United States District Court, E.D. Wisconsin
DECISION AND ORDER GRANTING PLAINTIFF'S MOTION
FOR LEAVE TO PROCEED WITHOUT PREPAYMENT OF THE FILING FEE
(DKT. NO. 2) AND SCREENING THE COMPLAINT (DKT. NO.
PAMELA PEPPER UNITED STATES DISTRICT JUDGE
Prison Litigation Reform Act (PLRA) applies to this case
because the plaintiff was incarcerated when he filed his
complaint. 28 U.S.C. §1915. Under that law, the court
must screen the plaintiff's complaint to determine
whether the plaintiff states claims with which he may
proceed. In addition to filing a complaint, the plaintiff
filed a motion for leave to proceed without prepayment of the
filing fee. Dkt. No. 2. This decision will screen the
complaint and resolve the plaintiff's motion.
Motion for Leave to Proceed without Prepayment of the
PLRA allows a court to give an incarcerated plaintiff the
ability to proceed with his lawsuit without prepaying the
case filing fee, as long as he meets certain conditions. One
of those conditions is that the plaintiff must pay an initial
partial filing fee. 28 U.S.C. §1915(b).
September 5, 2017, the court ordered the plaintiff to pay an
initial partial filing fee of $1.13 by September 26, 2017.
Dkt. No. 4. The plaintiff paid the fee on September 21, 2017.
The court will grant the plaintiff's motion to proceed
without prepayment of the filing fee. The court will order
the plaintiff to pay the remainder of the filing fee over
time in the manner explained at the end of this decision.
Screening the Plaintiff's Complaint
requires the court to screen complaints brought by prisoners
seeking relief against a governmental entity or officer or
employee of a governmental entity. 28 U.S.C. §1915A(a).
The court must dismiss a complaint if the plaintiff raises
claims that are legally “frivolous or malicious,
” that fail to state a claim upon which relief may be
granted, or that seek monetary relief from a defendant who is
immune from such relief. 28 U.S.C. §1915A(b).
state a claim, a complaint must contain sufficient factual
matter, accepted as true, “that is plausible on its
face.” Ashcroft v. Iqbal, 556 U.S. 662, 678
(2009) (quoting Bell Atlantic Corp. v. Twombly, 550
U.S. 544, 570 (2007)). “A claim has facial plausibility
when the plaintiff pleads factual content that allows a court
to draw the reasonable inference that the defendant is liable
for the misconduct alleged.” Id. (citing
Twombly, 550 U.S. at 556).
proceed under 42 U.S.C. §1983, a plaintiff must allege
that: 1) he was deprived of a right secured by the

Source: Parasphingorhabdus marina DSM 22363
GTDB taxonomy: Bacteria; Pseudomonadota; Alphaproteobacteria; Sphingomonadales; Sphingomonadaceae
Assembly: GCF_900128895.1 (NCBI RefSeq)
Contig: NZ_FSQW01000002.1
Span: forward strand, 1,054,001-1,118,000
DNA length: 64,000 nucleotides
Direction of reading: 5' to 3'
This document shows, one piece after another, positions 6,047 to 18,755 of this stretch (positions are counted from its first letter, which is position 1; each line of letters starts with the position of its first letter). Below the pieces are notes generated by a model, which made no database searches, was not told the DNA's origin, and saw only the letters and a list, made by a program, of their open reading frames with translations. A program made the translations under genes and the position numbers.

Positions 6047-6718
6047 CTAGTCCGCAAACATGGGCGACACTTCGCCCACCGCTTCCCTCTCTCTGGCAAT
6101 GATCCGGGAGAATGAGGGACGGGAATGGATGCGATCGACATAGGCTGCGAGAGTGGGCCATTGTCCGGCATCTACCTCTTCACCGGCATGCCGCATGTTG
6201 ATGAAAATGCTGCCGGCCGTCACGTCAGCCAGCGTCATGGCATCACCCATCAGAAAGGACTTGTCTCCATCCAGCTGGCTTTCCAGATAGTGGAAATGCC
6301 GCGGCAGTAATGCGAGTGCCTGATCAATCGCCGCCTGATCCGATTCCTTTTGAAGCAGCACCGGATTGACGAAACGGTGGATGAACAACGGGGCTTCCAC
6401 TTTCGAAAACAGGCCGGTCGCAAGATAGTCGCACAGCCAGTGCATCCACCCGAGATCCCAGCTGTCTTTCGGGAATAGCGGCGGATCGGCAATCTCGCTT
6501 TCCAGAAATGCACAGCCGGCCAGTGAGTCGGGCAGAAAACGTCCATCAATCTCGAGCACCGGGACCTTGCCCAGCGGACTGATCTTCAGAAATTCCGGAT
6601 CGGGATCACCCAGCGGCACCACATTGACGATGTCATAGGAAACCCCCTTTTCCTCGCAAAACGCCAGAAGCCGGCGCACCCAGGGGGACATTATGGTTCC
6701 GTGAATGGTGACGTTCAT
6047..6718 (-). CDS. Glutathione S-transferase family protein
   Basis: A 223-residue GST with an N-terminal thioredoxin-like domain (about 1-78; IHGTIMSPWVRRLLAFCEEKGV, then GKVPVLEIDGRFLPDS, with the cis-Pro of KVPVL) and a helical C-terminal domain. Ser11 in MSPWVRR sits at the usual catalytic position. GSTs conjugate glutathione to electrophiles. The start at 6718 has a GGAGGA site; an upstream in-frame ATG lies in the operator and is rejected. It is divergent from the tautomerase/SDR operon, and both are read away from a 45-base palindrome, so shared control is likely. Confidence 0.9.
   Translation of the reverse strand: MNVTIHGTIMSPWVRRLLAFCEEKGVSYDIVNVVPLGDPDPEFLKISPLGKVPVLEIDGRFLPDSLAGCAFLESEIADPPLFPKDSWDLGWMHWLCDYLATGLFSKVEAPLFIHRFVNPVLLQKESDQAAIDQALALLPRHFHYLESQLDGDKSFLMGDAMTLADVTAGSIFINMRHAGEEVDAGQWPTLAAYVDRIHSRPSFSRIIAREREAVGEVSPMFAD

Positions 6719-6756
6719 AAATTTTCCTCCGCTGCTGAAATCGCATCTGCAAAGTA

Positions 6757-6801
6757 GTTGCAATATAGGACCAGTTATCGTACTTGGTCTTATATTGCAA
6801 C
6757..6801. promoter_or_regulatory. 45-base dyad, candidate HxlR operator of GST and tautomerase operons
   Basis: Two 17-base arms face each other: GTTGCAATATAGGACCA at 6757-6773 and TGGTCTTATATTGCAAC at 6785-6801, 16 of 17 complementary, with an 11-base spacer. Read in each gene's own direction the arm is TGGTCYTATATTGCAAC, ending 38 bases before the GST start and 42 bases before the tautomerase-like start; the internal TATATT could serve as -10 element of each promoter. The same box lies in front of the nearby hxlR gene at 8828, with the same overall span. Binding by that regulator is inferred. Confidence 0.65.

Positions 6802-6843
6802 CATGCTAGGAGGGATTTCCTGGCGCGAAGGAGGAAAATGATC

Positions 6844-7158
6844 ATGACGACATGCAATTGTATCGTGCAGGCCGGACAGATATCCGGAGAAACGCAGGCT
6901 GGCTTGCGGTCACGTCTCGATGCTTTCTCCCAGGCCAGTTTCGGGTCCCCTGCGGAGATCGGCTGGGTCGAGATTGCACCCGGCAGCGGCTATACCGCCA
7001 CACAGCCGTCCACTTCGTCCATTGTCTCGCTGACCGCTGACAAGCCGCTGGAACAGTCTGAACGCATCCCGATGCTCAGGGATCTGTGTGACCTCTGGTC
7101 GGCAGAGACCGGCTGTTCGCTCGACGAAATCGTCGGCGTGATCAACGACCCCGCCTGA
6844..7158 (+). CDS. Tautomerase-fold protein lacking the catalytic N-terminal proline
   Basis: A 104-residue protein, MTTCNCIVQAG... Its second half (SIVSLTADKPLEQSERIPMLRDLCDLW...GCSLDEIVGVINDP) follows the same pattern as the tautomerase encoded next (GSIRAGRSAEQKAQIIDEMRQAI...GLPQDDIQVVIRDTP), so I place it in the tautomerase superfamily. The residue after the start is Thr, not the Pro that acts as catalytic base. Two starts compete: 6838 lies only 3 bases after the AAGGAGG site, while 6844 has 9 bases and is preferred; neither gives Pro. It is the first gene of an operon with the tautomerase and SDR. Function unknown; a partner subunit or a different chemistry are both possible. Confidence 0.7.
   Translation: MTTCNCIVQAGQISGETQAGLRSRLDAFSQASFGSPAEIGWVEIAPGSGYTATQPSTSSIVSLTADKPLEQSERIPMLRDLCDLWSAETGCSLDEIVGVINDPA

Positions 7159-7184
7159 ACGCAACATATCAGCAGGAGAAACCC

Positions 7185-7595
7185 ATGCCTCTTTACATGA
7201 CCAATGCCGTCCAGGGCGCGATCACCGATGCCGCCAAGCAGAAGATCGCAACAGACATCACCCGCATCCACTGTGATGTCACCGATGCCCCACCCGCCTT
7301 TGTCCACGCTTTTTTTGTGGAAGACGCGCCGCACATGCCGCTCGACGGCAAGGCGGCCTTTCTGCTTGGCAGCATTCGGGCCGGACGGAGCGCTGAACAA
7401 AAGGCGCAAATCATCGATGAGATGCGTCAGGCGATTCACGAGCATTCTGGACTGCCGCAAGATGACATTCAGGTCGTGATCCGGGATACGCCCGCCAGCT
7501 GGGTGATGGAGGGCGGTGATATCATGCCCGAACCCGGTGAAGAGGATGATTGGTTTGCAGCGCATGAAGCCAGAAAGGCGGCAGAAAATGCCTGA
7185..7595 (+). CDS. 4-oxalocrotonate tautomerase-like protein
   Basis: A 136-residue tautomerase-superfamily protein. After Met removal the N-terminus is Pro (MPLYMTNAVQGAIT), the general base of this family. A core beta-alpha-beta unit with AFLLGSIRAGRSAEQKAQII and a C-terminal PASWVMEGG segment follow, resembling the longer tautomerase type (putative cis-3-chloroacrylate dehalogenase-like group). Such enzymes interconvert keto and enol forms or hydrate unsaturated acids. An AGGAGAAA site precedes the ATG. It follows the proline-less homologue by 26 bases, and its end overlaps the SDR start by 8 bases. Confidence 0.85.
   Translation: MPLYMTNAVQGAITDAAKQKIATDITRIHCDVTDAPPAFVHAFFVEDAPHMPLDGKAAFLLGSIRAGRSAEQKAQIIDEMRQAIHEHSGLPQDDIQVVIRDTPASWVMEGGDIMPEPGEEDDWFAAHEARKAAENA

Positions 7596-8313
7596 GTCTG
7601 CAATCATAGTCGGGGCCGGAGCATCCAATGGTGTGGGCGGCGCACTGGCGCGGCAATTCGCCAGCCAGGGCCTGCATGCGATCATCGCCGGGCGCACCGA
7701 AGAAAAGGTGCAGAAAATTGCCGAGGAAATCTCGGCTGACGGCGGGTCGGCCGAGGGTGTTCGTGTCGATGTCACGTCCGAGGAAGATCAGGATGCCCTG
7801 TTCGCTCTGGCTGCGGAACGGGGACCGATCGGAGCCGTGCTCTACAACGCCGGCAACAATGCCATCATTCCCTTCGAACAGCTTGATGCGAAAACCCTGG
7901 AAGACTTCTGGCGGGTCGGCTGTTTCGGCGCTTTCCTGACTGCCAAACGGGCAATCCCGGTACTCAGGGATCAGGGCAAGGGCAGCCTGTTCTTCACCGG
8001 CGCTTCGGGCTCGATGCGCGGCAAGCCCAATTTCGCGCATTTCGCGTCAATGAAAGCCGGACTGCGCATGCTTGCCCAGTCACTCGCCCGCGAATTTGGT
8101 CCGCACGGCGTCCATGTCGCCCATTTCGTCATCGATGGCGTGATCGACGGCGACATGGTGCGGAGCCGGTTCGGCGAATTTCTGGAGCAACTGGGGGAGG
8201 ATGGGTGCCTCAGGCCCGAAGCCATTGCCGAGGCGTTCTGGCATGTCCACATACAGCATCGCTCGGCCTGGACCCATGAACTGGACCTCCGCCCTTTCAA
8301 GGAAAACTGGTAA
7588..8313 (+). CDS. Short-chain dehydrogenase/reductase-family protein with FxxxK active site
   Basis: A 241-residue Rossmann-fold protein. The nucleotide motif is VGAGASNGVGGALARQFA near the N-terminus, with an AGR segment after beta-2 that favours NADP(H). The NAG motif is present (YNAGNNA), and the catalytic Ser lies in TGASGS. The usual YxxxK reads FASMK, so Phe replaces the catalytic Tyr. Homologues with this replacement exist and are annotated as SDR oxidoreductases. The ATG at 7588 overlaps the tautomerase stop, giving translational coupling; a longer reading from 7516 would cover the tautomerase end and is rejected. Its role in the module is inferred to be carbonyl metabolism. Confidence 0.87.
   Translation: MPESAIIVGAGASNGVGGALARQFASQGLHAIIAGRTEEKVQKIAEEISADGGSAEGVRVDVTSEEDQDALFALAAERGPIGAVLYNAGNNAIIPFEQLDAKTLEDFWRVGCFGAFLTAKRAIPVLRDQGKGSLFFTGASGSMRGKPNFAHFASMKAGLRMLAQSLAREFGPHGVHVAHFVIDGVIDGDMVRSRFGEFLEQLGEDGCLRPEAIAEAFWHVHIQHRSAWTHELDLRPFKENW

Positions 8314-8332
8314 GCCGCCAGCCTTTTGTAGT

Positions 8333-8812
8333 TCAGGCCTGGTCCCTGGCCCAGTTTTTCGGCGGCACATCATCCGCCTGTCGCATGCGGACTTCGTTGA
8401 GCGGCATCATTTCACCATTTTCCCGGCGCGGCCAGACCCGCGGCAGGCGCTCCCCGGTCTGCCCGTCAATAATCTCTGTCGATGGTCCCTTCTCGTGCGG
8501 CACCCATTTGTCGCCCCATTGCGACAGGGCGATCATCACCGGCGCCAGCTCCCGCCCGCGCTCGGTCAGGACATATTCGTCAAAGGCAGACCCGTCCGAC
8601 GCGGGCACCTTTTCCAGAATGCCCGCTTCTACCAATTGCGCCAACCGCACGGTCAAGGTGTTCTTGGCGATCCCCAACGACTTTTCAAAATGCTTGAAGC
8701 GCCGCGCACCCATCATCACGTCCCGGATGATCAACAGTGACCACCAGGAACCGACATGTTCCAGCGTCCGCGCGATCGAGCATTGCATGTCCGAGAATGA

Constitution or laws of the United States; and 2) the
defendant was acting under color of state law.
Buchanan-Moore v. County of Milwaukee, 570 F.3d 824,
827 (7th Cir. 2009) (citing Kramer v. Village of North
Fond du Lac, 384 F.3d 856, 861 (7th Cir. 2004)); see
also Gomez v. Toledo, 446 U.S. 635, 640 (1980). The
court gives a pro se plaintiff's allegations,
“however inartfully pleaded, ” a liberal
construction. See Erickson v. Pardus, 551 U.S. 89,
94 (2007) (quoting Estelle v. Gamble, 429 U.S. 97,
The Plaintiff's Allegations
plaintiff alleges that, in the summer of 2016, he and
defendant Edward Williams became cellmates at Oshkosh
Correctional Institution. Dkt. No. 1 at 2. The plaintiff
explains that Williams refused to let the plaintiff open the
window, even when it was eighty degrees outside. Id.
According to the plaintiff, when he tried to open the window,
Williams would threaten to physically harm him. Id.
The plaintiff asserts that at least four or five times, he
informed defendant Sergeant Johnson about Williams'
threats. Id. He states that Johnson told the
plaintiff that he would be moved to another cell once one
opened up. Id.
plaintiff states that, on October 22, 2016, he opened the
window in his cell. Id. at 2. According to the
plaintiff, Williams entered the cell shortly thereafter and
shut the window. Id. The plaintiff asserts that
Williams threatened him and then called him a
“honkey.” Id. The plaintiff states that
he called Williams a “nigger.” Id.
Williams told the plaintiff to get off the bunk, but the
plaintiff states that Williams punched him before he could
get off. Id. According to the plaintiff, Williams
pulled him off the bunk by his leg, which resulted in his
head hitting the ground. Id. The plaintiff states
that he suffered a laceration to his head that required five
stitches, and three broken ribs, which lacerated his kidneys.
The Court's Analysis
plaintiff has named the Wisconsin Department of Corrections,
Sgt. Johnson ...